Grey literature in meta-analyses of randomized trials of health care interventions.
ABSTRACT The inclusion of grey literature (i.e. literature that has not been formally published) in systematic reviews may help to overcome some of the problems of publication bias, which can arise due to the selective availability of data.
To review systematically research studies, which have investigated the impact of grey literature in meta-analyses of randomized trials of health care interventions.
We searched the Cochrane Methodology Register (The Cochrane Library Issue 3, 2005), MEDLINE (1966 to 20 May 2005), the Science Citation Index (June 2005) and contacted researchers who may have carried out relevant studies.
A study was considered eligible for this review if it compared the effect of the inclusion and exclusion of grey literature on the results of a cohort of meta-analyses of randomized trials.
Data were extracted from each report independently by two reviewers. The main outcome measure was an estimate of the impact of trials from the grey literature on the pooled effect estimates of the meta-analyses. Information was also collected on the area of health care, the number of meta-analyses, the number of trials, the number of trial participants, the year of publication of the trials, the language and country of publication of the trials, the number and type of grey and published literature, and methodological quality.
Five studies met the inclusion criteria. All five studies showed that published trials showed an overall greater treatment effect than grey trials. This difference was statistically significant in one of the five studies. Data could be combined for three of the five studies. This showed that, on average, published trials showed a 9% greater treatment effect than grey trials (ratio of odds ratios for grey versus published trials 1.09; 95% CI 1.03-1.16). Overall there were more published trials included in the meta-analyses than grey trials (median 224 (IQR 108-365) versus 45(IQR 40-102)). Published trials had more participants on average. The most common types of grey literature were abstracts (55%) and unpublished data (30%). There is limited evidence to show whether grey trials are of poorer methodological quality than published trials.
This review shows that published trials tend to be larger and show an overall greater treatment effect than grey trials. This has important implications for reviewers who need to ensure they identify grey trials, in order to minimise the risk of introducing bias into their review.
- SourceAvailable from: Rebecca B Costello[Show abstract] [Hide abstract]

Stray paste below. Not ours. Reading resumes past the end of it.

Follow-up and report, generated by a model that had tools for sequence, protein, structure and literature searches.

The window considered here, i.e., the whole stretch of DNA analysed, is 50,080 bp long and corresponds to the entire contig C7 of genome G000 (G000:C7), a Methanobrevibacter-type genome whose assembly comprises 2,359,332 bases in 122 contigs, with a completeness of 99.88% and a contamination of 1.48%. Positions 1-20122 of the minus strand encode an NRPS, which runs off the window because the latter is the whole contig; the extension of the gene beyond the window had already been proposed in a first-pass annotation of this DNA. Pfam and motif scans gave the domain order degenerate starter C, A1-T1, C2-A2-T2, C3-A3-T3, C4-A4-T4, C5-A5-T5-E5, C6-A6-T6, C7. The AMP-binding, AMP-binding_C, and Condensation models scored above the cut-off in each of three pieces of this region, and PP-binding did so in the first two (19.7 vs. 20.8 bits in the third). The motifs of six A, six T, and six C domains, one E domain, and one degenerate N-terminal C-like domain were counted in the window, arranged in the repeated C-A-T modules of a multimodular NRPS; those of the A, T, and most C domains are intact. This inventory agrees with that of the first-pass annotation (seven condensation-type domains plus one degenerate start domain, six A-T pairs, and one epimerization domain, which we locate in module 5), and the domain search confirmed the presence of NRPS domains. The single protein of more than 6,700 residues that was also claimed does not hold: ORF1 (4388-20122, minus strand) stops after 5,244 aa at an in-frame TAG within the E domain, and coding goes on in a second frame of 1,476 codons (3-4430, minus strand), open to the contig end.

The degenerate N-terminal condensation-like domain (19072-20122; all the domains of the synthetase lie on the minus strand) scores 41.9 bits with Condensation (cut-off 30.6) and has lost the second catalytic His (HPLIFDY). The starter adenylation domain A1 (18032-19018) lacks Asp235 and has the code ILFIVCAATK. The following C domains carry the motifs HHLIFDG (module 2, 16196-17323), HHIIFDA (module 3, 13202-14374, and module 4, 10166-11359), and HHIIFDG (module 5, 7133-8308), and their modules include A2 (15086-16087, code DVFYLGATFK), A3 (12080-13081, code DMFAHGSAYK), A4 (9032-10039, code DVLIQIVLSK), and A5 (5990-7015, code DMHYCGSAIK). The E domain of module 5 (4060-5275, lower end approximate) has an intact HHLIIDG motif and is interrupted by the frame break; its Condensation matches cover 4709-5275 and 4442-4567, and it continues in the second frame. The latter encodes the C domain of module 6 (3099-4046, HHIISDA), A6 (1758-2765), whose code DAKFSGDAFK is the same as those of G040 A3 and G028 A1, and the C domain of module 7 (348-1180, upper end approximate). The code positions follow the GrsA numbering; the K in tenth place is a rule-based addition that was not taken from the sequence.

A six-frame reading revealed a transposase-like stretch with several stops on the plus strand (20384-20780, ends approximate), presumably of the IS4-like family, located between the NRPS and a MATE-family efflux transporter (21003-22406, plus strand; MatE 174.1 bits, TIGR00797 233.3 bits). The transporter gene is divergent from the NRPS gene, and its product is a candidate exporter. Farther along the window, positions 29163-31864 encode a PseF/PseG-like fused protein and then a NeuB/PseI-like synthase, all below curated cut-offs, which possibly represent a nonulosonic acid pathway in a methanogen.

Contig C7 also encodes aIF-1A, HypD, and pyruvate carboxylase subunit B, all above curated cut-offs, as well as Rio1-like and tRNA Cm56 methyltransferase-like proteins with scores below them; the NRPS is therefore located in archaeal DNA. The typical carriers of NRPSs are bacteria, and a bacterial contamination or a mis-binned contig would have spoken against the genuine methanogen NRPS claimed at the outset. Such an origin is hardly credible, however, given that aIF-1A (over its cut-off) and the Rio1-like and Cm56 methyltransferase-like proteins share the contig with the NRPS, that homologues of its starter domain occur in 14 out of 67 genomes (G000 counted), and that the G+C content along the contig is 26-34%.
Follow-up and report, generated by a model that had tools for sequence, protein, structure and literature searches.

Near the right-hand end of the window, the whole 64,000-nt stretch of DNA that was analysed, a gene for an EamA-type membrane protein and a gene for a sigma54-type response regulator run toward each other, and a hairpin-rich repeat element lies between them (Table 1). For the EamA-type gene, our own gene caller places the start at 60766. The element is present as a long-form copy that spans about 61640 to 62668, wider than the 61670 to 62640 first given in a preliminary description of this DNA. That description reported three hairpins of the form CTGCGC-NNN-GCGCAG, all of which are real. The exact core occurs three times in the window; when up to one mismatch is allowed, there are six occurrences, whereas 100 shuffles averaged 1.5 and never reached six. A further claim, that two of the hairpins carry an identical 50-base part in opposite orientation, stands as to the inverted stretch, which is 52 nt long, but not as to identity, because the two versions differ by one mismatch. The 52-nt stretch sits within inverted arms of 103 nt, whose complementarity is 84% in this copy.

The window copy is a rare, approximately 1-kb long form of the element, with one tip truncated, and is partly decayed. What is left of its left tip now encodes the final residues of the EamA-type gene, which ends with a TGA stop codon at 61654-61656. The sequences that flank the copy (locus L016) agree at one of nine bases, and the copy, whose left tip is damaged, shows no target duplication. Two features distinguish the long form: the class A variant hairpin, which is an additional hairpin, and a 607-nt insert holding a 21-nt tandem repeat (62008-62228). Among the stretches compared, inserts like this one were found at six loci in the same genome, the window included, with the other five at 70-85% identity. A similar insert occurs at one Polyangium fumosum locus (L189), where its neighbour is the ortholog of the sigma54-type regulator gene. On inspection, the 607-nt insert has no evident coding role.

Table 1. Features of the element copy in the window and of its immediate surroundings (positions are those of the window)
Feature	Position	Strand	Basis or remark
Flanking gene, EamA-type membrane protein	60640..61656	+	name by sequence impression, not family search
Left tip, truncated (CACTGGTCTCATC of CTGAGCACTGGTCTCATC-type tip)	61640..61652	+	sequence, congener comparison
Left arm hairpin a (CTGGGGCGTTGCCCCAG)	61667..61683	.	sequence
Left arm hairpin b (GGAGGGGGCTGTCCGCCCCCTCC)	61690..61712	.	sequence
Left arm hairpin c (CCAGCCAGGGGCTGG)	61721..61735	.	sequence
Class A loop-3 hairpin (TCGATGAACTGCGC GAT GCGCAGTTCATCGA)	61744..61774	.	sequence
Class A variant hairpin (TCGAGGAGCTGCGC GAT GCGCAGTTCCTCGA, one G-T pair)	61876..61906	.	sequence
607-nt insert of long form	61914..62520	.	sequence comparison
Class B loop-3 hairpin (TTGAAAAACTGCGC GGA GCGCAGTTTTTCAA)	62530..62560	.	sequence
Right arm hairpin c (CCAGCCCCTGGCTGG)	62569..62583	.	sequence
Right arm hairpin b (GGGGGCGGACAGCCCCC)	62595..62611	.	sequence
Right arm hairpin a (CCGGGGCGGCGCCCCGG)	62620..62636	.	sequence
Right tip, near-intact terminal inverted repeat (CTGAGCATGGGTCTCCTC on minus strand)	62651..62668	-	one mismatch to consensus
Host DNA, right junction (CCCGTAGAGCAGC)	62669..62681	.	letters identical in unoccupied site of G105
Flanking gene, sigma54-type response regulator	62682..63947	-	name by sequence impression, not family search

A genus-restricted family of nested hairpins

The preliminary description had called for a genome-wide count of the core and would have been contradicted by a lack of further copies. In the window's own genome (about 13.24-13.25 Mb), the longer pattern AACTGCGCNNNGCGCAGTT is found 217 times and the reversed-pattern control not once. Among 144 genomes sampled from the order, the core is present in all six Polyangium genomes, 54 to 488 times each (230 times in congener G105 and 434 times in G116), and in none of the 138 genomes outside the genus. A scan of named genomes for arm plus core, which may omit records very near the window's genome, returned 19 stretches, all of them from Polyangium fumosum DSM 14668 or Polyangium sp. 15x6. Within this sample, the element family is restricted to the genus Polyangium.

ABSTRACT: A systematic review was conducted using Samueli Institute's Rapid Evidence Assessment of the Literature (REAL(C)) process to determine the evidence base for melatonin as an agent to optimize sleep or improve sleep quality, and generalize the results to a military, civilian, or other healthy, active, adult population. Multiple databases were searched yielding 35 randomized controlled trials (RCTs) meeting the review's inclusion criteria, which were assessed for methodological quality as well as for melatonin effectiveness. The majority of included studies were high quality (83.0%). Overall, there was insufficient evidence to make strong recommendations regarding melatonin usage for any of the categories under review. A weak recommendation was made for preventing phase shifts from jet lag, for improving insomnia in both healthy volunteers and individuals with a history of insomnia, and for initiating sleep and/or improving sleep efficacy. No recommendations for use in shift workers or to improve hormonal phase shift changes in healthy people can be made. Larger and longer-duration RCTs utilizing well characterized products are needed to warrant melatonin recommendations in young, healthy adults.Nutrition Journal 11/2014; 13(1):106. · 2.64 Impact Factor
- Journal of the Medical Library Association JMLA 01/2015; 103(1):49-54. · 0.99 Impact Factor
- [Show abstract] [Hide abstract]
ABSTRACT: The popularity, demand, and increased federal and private funding for after-school programs have resulted in a marked increase in after-school programs over the past two decades. After-school programs are used to prevent adverse outcomes, decrease risks, or improve functioning with at-risk youth in several areas, including academic achievement, crime and behavioral problems, socio-emo-tional functioning, and school engagement and attendance; however, the evidence of effects of after-school programs remains equivocal. This systematic review and meta-ana-lysis, following Campbell Collaboration guidelines, examined the effects of after-school programs on exter-nalizing behaviors and school attendance with at-risk stu-dents. A systematic search for published and unpublished literature resulted in the inclusion of 24 studies. A total of 64 effect sizes (16 for attendance outcomes; 49 for exter-nalizing behavior outcomes) extracted from 31 reports were included in the meta-analysis using robust variance estimation to handle dependencies among effect sizes. Mean effects were small and non-significant for attendance and externalizing behaviors. A moderate to large amount of heterogeneity was present; however, no moderator variable tested explained the variance between studies. Significant methodological shortcomings were identified across the corpus of studies included in this review. Implications for practice, policy and research are discussed.Journal of Youth and Adolescence 02/2015; 44(3):616-636. · 2.72 Impact Factor